How did the replication bomb we call ”life” begin and where in the world, or rather, in the universe, is it heading? Writing with characteristic wit and an ability to clarify complex phenomena (the New York Times described his style as ”the sort of science writing that makes the reader feel like a genius”), Richard Dawkins confronts this ancient mystery.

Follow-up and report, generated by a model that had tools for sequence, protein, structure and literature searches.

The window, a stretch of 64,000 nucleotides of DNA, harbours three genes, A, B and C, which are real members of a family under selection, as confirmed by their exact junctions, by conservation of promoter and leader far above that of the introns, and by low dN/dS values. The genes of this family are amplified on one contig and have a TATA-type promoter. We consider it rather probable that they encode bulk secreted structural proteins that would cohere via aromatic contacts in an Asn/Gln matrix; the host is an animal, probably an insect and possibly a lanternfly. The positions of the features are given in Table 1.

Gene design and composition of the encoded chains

Dawkins (The Selfish Gene) pictures evolution as a vast river of DNA-coded information flowing over millennia and splitting into three billion branches, of which 30 million branches--today's extant species--survive. Emphasizing that the genetic code is uncannily computer-like, comprising long strings of digital information, the eminent Oxford evolutionary biologist surmises that we are ``survival machines'' programmed to propagate the database we carry. From his perspective, nature is not cruel--only indifferent--and the goal of a presumed Divine Engineer is maximizing DNA survival. Dawkins cautiously endorses the controversial ``African Eve'' theory, according to which the most recent common ancestor of all modern humans probably lived in Africa fewer than 250,000 years ago. The author's narrative masterfully deals with controversies in evolutionary biology. Natural Science Book Club dual main selection; Library of Science alternate.